Most country artists and Americana artists come from Nashville. Others come from out west in Los Angeles usually. The latter is where new duo Roses & Cigarettes come from. Jenny Pagliaro and Angela Petrilli formed Roses & Cigarettes back in 2013. Pagliaro has been singing as long as she can remember, while Petrilli has been playing the guitar ever since she was nine years old. Roses & Cigarettes don’t put themselves under one genre, as they like to play country, Americana and folk. This can certainly be heard in their new self-titled, debut album they released this past May.
Roses & Cigarettes kick off the album with “Driving.” It’s appropriately named because it’s sound like something you would play as you’re driving down an open highway. It has a very uplifting feeling. The guitar play combined with the faint organ in the background make for an interesting sound. Bongo drums play in “Shelter.” I find this to be a puzzling choice, as it doesn’t fit the rest of the album. Once the song advances beyond this strange opener, it proves to be a decent song. “Nowadays” is a heartbreak song that sees a woman struggling to move beyond a broken relationship. Seasons change and yet she still can’t feel a thing. It’s a pretty solid song. The duo sing about how fast life can go in “Another Way.” The gist of the song is about always finding another way to keep on trucking in life. Pagliaro’s vocals are pretty good on this song and the arrangement is really well done.
The gem of this album and where Roses & Cigarettes shine brightest is on “Gypsy Woman.” It’s a darker, grittier song about a woman who considers herself a hell-raising, gypsy who does what she wants and worries her mama sick. I get a real New Orleans vibe from this song, as it sounds like something you would hear in a smoky bar on Bourbon Street. With more songs like this, more people will know the name Roses & Cigarettes. “Laurel Canyon” is a song about growing up and chasing your dreams. It comes off as a very self-reflective song from Roses & Cigarettes, as they embark on making a name for themselves. This is another one of the highlights of the album.
Heartbreak is the theme of “Giving Up On Love.” A woman has had it with love and is giving up on it all together after getting her heart-broken so many times. This song features some great instrumentation, including a decent dose of steel guitar throughout it. This sounds like a song Martina McBride might have sung in the late 90s. One of the most rocking songs on the record is “Whiskey Down.” It’s about going out for a fun night on the town. The lyrics are a tad cliché, but not bad. Overall it’s a fun song with some impressive organ and guitar play.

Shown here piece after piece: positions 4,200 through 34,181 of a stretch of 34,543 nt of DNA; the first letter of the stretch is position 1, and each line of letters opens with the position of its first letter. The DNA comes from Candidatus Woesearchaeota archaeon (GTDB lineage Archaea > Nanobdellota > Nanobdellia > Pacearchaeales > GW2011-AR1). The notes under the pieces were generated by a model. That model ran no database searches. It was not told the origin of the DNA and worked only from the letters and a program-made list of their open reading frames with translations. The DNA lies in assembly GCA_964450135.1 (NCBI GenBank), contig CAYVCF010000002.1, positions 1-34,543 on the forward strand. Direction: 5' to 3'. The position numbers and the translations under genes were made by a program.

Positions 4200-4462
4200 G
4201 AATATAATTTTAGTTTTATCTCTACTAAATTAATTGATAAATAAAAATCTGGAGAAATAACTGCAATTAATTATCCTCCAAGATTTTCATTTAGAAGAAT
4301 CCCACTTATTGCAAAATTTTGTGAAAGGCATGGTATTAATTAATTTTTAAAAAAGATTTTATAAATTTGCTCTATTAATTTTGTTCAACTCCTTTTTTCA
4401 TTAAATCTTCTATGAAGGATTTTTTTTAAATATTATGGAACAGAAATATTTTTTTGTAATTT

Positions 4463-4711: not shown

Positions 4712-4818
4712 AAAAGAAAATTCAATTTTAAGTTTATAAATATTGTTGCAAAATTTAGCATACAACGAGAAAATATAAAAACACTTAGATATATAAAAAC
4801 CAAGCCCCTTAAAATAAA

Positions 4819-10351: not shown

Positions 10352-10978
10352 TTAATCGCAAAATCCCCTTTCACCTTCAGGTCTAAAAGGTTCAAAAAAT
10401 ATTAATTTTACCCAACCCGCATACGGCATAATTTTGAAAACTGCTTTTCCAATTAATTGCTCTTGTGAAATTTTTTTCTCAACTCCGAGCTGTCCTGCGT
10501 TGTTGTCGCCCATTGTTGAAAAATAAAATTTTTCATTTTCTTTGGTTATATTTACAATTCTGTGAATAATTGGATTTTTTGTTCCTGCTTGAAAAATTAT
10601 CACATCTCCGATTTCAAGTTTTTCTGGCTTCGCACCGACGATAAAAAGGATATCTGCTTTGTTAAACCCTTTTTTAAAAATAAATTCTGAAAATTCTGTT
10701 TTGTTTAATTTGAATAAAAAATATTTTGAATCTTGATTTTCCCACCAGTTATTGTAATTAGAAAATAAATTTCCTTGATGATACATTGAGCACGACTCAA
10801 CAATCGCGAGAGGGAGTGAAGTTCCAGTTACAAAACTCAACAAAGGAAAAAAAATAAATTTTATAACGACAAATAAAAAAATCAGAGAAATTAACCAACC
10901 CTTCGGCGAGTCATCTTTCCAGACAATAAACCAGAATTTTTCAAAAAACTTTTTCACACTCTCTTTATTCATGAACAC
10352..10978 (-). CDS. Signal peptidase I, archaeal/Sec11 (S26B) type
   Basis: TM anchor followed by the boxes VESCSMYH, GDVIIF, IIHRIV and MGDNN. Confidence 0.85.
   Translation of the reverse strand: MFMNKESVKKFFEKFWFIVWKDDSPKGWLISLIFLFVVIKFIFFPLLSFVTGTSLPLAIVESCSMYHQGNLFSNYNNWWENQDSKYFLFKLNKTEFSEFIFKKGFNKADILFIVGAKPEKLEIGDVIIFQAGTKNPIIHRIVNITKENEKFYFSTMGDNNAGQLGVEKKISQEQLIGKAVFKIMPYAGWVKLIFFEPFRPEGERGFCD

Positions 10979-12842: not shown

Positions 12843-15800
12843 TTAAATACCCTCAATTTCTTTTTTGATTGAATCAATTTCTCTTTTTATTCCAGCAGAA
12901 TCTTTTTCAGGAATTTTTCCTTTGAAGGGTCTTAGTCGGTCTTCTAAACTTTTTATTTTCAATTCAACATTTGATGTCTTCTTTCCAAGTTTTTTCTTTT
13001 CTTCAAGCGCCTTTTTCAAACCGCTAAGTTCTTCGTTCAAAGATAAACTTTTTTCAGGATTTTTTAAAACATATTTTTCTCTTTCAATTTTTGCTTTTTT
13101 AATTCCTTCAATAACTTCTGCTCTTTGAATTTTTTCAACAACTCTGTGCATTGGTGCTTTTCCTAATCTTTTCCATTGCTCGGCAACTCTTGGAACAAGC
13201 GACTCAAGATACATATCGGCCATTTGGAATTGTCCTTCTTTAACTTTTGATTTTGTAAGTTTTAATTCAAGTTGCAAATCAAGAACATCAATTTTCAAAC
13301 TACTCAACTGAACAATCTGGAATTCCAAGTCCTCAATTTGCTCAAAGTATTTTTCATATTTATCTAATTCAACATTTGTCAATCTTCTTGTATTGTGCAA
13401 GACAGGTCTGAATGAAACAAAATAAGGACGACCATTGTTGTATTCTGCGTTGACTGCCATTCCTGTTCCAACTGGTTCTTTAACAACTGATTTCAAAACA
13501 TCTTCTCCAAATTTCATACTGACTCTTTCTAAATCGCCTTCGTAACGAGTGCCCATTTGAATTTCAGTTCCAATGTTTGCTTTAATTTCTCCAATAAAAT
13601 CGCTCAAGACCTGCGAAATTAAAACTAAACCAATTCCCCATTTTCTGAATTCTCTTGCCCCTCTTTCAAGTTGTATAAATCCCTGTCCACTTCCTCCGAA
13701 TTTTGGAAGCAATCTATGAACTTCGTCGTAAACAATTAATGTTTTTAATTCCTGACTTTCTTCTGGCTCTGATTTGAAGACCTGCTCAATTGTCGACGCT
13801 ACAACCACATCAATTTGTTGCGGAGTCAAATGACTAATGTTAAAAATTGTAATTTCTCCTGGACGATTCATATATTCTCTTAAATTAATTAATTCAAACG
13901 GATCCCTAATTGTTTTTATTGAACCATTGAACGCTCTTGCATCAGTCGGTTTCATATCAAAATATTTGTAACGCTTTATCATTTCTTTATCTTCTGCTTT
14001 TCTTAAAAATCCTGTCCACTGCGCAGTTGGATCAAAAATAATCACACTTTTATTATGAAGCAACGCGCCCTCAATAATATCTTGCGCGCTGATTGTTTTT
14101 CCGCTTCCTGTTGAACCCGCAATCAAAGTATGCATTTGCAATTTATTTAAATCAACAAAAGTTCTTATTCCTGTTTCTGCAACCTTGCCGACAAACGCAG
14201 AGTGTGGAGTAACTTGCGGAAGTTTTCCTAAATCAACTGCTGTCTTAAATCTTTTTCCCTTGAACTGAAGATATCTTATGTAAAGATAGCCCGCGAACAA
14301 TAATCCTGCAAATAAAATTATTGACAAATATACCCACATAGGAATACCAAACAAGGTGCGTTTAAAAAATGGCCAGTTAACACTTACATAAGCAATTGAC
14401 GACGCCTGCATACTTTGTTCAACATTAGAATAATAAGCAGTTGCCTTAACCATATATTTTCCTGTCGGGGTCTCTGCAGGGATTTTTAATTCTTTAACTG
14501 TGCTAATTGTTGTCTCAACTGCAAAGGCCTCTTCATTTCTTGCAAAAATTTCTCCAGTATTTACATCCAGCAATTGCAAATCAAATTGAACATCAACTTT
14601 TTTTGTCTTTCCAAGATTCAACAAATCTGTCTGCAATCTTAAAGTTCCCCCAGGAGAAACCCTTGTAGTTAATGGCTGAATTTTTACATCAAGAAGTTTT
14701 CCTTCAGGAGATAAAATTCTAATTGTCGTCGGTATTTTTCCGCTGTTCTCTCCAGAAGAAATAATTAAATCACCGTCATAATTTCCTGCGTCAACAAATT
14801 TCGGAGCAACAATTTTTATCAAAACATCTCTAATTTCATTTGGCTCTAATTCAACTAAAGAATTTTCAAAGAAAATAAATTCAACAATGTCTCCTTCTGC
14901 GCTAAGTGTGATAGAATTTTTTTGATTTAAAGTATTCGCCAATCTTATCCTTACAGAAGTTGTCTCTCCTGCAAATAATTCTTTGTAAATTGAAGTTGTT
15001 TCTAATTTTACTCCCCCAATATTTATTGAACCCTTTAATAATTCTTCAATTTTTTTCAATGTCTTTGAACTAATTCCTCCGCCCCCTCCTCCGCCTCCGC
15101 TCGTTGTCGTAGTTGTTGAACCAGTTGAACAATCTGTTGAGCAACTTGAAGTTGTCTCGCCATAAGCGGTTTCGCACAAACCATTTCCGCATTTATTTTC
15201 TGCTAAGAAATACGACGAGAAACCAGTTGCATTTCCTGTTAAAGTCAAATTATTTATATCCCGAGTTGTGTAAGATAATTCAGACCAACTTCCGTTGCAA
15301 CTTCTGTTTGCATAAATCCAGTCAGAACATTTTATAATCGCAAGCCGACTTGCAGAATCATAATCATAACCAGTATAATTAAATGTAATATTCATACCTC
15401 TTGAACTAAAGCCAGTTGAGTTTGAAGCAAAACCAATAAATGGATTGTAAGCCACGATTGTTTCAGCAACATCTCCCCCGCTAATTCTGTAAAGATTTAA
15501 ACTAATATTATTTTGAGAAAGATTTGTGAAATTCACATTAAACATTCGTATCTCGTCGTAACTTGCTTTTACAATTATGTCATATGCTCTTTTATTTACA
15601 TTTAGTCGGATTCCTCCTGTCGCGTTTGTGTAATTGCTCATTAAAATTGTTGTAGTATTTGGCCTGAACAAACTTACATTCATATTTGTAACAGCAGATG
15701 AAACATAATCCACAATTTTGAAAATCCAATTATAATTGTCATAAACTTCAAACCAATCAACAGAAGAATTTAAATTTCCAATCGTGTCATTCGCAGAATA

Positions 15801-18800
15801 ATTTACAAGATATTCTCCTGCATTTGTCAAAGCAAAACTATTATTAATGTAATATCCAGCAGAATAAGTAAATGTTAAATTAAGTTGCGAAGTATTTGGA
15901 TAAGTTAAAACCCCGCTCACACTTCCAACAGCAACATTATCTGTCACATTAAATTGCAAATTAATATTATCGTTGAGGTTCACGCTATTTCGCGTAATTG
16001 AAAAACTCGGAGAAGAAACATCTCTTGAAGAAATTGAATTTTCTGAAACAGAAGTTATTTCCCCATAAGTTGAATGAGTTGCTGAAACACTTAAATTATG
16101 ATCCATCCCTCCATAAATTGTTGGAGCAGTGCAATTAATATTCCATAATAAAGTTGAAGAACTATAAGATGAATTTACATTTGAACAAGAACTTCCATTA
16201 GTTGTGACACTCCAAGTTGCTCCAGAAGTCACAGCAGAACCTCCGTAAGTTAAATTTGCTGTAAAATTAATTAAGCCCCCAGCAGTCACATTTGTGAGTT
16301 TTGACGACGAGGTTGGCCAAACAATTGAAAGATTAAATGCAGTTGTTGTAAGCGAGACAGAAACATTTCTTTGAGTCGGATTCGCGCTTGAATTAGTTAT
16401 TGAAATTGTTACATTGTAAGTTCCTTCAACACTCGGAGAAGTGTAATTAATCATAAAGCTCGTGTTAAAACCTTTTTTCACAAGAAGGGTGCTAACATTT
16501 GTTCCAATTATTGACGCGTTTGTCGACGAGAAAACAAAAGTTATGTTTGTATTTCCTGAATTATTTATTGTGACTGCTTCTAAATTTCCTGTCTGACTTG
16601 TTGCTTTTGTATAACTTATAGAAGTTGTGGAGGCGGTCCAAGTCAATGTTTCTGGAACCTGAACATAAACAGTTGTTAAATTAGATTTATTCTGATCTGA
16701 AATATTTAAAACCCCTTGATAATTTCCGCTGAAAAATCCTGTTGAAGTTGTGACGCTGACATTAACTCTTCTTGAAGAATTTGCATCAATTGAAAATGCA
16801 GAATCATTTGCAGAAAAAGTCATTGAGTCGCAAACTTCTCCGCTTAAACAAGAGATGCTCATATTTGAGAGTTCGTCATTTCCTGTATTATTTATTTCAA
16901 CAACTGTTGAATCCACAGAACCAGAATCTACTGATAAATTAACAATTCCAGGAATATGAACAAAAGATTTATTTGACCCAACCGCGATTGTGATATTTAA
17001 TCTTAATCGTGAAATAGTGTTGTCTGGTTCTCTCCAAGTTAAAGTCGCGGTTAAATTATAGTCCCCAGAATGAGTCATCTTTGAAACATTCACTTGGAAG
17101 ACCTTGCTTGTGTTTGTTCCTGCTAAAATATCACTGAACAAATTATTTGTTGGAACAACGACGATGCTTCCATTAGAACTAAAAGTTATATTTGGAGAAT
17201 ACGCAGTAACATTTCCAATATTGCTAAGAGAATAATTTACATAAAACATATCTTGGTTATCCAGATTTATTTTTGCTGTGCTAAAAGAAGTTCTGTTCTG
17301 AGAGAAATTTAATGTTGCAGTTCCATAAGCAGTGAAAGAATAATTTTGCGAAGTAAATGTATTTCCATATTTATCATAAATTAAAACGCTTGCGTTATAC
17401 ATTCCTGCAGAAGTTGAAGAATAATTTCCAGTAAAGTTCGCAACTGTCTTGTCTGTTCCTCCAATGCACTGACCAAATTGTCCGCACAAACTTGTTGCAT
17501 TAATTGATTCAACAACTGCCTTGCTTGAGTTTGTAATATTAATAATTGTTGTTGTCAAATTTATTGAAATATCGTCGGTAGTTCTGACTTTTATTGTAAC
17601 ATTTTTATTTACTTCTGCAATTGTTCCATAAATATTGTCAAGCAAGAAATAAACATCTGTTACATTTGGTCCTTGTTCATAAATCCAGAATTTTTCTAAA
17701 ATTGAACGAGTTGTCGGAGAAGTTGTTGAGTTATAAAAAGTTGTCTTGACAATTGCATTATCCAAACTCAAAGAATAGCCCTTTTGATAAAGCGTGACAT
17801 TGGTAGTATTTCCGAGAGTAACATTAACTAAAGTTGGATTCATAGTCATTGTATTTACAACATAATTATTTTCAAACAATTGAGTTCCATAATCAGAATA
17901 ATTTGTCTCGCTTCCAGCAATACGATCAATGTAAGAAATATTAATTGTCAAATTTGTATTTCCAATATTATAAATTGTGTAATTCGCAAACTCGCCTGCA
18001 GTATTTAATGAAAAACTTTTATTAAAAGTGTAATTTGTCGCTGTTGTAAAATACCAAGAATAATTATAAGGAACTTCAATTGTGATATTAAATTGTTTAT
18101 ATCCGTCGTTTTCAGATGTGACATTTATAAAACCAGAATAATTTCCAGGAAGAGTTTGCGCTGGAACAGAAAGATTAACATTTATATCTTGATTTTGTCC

“Broken Down in Barstow” is a somber-toned song about a woman being stuck in a small town called Barstow, which is situated in San Bernardino County in California. It’s right between Los Angeles and Las Vegas. She laments throughout the song about wanting to be in Los Angeles, but realizes she doesn’t need to worry about it and focuses on what’s at hand. Pagliaro’s vocals are impressive. The album ends with “Sweet Summer Nights,” an upbeat and mandolin laden tune. Along with the mandolin, this song features a variety of great instrumentation. The lyrics are a little cliché, as it’s a song that reflects back on memories of the summer. This song isn’t bad, but I would’ve ended the album with “Broken Down in Barstow,” as it feels like a more proper conclusion.
Overall this is a very solid debut album from Roses & Cigarettes. Obviously there are some things that need work, such as the lyrics and finding a cohesive flow. But the duo does a lot of things right. Pagliaro has really good vocals and Petrilli is just as great on the guitar. They make a really good combination and mesh well together. They’re at their best with the bluesy, darker songs I thought and I hope they pursue more songs like “Gypsy Woman.” This album is definitely worth giving a listen, especially songs such as “Gypsy Woman” and “Broken Down in Barstow.” Roses & Cigarettes are ones to watch out for as they carve out a name for themselves.